I'm Tempted to Give Up on Career Post-Kids—But Here's Why I'm Not
When I was deciding on what to major in at college, I settled on education. It was a degree I knew would give me summers with my future children, enough money to pay the bills, and intellectual challenge. Little did I know I would meet and marry a British guy, move to the U.K., and have an American degree that wasn't recognized in British schools.
Since my husband was working and earning enough money to live on, I chose to volunteer with a domestic abuse charity in hopes of helping women and eventually gaining employment. It worked; for two years, I had a nine-to-five job that I loved, working to get women safe from abusive partners.
Then I started having babies: three lovely boys who are now seven, five, and two. It was always important for me to stay home with my kids before they started school (my own mom, a single mother, often said how much she wished she had the choice to be a stay-at-home mom, and her sentiments must have rubbed off on me). For the past seven years, I have worked odd, part-time jobs here and there, but I mostly lived on my husband's income so I could be the primary caretaker for our young children.
While I don't regret the decision, it has come at a cost: my career.
Recently, I have started to dabble in the world of journalism, to find out whether it's a path I want to walk down once my toddler is in school. I've always loved writing informally, and I thought I could look to make a vocation of it. For the past year, I have pursued freelance journalism—and to be completely honest with you, I am tempted to give up.
It seems that in the world of journalism, there are two types of people I am competing with: the incredibly young, and the incredibly experienced.
Students just out of college have endless time to commit to interviewing, research, further education, writing, and editing. They can drop everything for a timely story, stay up late at night to meet a deadline, cope with just enough money to live on, and open their computer at any point in the day to get on with work.
As a mom of three, I simply do not have this kind of time, money, or energy to commit to a new career. On a typical weekday, I am woken at 6:00 am by hungry children who need feeding, dressing, and grooming before school. After rushing them past the school gates, I go home to entertain a toddler with books, snacks, and trains, before heading back to the school to pick them up by 3:00pm. All this is followed by laundry, dishes, dinner, baths, and homework. Where in my day is there time to sit down at a computer to get any work done at all? Even now as I type this, I have all three kids bombarding me for more food, more attention.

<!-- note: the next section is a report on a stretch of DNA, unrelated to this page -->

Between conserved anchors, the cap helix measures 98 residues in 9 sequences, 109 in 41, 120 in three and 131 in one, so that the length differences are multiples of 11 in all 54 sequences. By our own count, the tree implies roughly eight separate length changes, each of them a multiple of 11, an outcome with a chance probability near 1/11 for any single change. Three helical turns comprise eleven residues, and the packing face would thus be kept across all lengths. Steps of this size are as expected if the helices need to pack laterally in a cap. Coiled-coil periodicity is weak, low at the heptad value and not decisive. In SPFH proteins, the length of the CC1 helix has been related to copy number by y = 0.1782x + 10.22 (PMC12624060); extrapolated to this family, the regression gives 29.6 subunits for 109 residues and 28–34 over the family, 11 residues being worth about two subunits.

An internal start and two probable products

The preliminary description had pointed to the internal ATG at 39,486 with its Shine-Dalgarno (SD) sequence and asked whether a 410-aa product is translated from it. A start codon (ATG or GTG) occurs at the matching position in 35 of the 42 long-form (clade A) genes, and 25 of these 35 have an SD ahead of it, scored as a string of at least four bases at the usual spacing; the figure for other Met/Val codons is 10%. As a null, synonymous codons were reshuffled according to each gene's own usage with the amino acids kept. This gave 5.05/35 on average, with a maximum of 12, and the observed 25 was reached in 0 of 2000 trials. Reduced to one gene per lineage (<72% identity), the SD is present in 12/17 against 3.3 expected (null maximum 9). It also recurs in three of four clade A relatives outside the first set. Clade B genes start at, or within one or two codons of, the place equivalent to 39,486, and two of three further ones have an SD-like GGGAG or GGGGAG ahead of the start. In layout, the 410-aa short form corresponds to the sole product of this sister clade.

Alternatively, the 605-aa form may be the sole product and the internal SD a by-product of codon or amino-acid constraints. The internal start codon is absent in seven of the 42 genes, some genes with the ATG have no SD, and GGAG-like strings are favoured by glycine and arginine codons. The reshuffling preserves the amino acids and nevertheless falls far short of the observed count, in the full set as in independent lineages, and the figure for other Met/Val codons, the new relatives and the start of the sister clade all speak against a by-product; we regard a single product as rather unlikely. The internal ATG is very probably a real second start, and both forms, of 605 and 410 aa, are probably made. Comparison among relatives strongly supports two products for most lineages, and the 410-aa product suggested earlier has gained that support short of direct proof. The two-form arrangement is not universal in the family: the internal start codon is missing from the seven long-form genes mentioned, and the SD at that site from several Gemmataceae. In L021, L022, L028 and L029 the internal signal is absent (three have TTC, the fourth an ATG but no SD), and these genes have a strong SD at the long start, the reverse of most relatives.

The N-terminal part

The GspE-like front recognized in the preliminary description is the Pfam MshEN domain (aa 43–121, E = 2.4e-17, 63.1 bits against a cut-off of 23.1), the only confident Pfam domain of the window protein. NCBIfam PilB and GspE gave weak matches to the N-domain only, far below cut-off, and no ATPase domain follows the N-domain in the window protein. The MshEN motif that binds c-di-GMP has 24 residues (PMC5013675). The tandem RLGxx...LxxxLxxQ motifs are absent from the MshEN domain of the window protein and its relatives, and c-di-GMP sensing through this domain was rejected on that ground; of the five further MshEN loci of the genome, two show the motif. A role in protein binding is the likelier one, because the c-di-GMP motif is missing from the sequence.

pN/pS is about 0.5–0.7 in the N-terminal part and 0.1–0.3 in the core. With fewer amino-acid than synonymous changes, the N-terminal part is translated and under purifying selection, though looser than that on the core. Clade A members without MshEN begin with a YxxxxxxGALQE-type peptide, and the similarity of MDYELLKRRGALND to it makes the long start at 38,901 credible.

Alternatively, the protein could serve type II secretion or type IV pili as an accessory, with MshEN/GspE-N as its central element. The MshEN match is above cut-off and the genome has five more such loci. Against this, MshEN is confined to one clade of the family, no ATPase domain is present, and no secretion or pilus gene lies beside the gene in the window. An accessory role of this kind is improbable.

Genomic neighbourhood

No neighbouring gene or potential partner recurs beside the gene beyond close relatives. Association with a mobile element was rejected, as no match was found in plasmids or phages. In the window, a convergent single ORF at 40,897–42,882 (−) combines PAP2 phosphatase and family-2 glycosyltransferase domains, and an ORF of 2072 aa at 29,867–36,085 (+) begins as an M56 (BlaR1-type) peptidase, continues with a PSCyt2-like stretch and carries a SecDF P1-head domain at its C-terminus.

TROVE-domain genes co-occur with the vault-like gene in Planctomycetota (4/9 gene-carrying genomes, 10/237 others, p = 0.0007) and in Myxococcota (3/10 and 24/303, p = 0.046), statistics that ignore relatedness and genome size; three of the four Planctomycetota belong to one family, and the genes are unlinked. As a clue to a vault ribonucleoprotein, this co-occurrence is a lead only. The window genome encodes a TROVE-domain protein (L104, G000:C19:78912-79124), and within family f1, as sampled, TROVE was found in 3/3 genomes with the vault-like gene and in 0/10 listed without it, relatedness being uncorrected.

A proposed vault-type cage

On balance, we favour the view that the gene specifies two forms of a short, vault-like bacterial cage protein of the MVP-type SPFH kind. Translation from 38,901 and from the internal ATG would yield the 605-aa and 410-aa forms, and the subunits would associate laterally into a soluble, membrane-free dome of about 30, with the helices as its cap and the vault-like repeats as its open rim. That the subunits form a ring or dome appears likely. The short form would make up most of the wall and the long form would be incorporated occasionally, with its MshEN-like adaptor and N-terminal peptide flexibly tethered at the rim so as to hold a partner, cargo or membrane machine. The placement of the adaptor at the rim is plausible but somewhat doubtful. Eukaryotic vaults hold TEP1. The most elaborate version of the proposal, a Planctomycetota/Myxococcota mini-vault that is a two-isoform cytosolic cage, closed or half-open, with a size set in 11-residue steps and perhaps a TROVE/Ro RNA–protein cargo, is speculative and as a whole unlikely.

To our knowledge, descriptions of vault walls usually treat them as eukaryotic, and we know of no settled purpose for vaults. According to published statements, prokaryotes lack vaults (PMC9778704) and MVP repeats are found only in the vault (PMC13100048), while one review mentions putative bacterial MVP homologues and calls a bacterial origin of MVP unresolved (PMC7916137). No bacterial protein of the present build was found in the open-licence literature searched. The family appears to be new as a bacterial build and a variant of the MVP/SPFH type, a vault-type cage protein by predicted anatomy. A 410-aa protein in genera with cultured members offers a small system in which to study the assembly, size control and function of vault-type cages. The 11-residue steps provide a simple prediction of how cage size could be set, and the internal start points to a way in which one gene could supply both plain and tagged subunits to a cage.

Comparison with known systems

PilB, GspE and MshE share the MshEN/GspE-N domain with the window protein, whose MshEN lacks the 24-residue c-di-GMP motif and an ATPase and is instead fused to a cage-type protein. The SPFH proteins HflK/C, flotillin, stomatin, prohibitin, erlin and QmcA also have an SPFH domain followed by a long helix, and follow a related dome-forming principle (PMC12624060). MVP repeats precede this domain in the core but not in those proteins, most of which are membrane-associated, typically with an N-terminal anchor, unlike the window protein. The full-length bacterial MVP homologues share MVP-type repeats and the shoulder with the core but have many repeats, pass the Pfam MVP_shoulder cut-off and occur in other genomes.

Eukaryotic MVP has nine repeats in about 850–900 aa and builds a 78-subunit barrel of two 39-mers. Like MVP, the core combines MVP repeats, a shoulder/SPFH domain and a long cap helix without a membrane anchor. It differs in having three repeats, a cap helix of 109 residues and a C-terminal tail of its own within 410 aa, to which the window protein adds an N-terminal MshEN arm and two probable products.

Childcare, of course, is an option that could give me space to develop a skill and find work, but the price of nursery school at this point would negate any small amount of money I might get paid. And even if I did find someone to take my toddler, who would pick my older kids up after school?
The 20-year-olds branching into journalism have an upper hand on me simply because they have one person to take care of: them.
It isn't just the youth I'm up against, either. I'm attempting to enter a world that's already overtaken by educated, experienced journalists. These guys are pros with journalism degrees, resumes, and relationships in the industry. They slaved away early on and are reaping the benefits of their labor. Nothing would give me the upper hand when competing with their credentials.
Given that the odds are against me achieving a new career as a woman who has taken time to stay at home with children, I often want to throw my hands up in the air and quit.
But I won't quit. I am a strong woman who has opinions and skills to contribute to the world. It would be a waste for me to throw those away simply because it feels too hard. Plus, it isn't just me who faces hurdles when it comes to getting back into the workplace after kids; most people who leave careers to raise young children inevitably come up against similar walls when ready to work outside the home again. We all need reminders that we can do it, we should do it.
Raising children well shouldn't be punished with a lack of future employment; rather, it should be celebrated. After all, we primary caregivers are nurturing and developing the next generation—those who will have power to love, advocate, create, and change the world.
Besides, parents who want to go back to work after having children have so much to offer. We have ingenuity, problem-solving skills, multitasking superpowers, empathy, and wisdom. If work gives us purpose, enjoyment, and challenge, then we cannot simply give up—for the good of society, ourselves, and yes, even for our children.
The world needs mothers and other primary caregivers in the workplace. We just have to be creative about how we find our way back into it.